Biphasic kinetics of association were also apparent from the limited period provided for binding manifested by a rapid increase in RU immediately following injection followed by a significant decline in rate after 100s. Projection of the RU expected at early times from the rate after 100s assuming pseudo first-order kinetics showed a residual consistent with a fast component binding with first-order kinetics which contributed a significant fraction to the RU (30–49%). A reiterative process to fit both components yielded a combined fit within ± 0.2 of the observed RU over 90% of the course of binding (Fig. S8). Similar to dissociation, the ka value for each of the two components was within 3-fold of a monovalent parent (2.04 ± 1.4-fold, range 1.02–2.71) in contrast to an average ∼6-fold difference between them (5.9 ± 2.1, Table S2), suggesting they reflect the independent binding of CD73 by each parental Fab arm. The ka using a Langmuir 1:1 model was within 30% of the average of the two components (Table S2). Because each component ka could not be unequivocally assigned either one for dissociation, the affinities of the biparatopic and monovalent parents for CD73 were compared using an average KD value combining the kd of the principal dissociation component with the ka based on Langmuir 1:1 binding. As for dissociation, the apparent affinity of the biparatopic variants (KD) was similar to those of the more affine monovalent parental antibodies, suggesting the interaction of the biparatopics could be largely attributed to binding of a single Fab arm. In two cases also seen by comparing complex stabilities (CL25/TB19 and TB19/H19) the biparatopic variant showed a significant increase over that of either monovalent parental (26- and 69-fold, respectively). This increase was specific to those combinations because the parents (TB19, H19, CL25) did not produce a similar enhancement with other partners. Because these increases required two cognate arms, we infer that this reflects the interaction of both arms of these two biparatopic variants with CD73, similar to the conclusion arrived at from the dissociation kinetics. However, in the majority of cases the affinity for CD73 was not increased by the addition of a second cognate Fab arm despite its being necessary for potency, suggesting interaction of the biparatopic antibody with an additional CD73 is required for potent inhibition on cells.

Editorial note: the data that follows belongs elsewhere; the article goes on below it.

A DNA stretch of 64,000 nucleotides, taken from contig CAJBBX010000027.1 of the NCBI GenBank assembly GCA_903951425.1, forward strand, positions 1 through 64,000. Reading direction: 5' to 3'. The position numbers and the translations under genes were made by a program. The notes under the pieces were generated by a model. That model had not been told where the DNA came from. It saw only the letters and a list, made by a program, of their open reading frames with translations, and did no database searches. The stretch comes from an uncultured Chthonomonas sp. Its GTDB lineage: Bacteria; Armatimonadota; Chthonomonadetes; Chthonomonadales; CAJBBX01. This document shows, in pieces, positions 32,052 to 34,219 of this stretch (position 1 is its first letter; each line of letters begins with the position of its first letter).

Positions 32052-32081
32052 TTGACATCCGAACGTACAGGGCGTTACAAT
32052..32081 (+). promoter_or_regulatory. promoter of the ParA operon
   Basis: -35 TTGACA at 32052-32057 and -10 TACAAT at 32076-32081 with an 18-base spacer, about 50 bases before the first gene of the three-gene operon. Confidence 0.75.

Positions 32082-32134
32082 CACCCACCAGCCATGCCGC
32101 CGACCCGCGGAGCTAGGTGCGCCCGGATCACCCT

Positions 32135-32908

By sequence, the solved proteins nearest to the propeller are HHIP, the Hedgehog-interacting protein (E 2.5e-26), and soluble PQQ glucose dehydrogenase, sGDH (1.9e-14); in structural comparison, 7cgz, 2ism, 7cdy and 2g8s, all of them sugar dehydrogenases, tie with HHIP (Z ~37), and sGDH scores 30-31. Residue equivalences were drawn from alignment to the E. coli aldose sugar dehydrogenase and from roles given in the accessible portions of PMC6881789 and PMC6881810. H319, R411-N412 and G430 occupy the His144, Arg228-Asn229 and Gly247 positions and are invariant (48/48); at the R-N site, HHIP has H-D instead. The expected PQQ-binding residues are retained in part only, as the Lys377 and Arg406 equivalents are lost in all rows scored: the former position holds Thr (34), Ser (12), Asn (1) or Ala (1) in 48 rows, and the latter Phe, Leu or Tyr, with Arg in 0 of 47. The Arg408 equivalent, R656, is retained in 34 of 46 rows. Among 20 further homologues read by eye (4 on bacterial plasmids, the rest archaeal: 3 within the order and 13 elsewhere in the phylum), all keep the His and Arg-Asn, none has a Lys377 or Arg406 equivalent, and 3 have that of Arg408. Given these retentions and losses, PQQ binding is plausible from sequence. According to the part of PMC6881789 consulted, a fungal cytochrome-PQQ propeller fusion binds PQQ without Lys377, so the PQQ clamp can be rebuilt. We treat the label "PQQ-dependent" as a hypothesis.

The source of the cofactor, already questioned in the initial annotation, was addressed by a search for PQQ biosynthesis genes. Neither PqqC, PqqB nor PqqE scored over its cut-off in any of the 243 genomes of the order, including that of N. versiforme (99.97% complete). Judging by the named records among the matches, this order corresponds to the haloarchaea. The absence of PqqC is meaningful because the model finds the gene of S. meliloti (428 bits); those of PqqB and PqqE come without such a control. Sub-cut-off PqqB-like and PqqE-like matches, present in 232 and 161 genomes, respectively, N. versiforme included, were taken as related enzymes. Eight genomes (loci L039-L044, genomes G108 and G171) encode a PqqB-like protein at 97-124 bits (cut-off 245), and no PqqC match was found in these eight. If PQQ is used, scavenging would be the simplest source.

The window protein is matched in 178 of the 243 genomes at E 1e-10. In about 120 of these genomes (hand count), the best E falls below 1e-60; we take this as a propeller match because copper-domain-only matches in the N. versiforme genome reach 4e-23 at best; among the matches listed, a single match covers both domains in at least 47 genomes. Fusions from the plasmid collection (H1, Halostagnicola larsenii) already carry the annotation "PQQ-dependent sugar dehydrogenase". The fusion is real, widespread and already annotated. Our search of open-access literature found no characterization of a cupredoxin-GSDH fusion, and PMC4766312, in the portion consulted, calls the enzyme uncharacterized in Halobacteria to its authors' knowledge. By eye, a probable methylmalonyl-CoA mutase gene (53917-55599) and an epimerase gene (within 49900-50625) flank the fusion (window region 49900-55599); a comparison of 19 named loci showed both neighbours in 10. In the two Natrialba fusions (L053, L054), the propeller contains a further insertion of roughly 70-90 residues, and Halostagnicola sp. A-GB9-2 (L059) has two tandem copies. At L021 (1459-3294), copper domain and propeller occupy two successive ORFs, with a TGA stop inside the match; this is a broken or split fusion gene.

Potency of biparatopics and parental mixtures against cellular CD73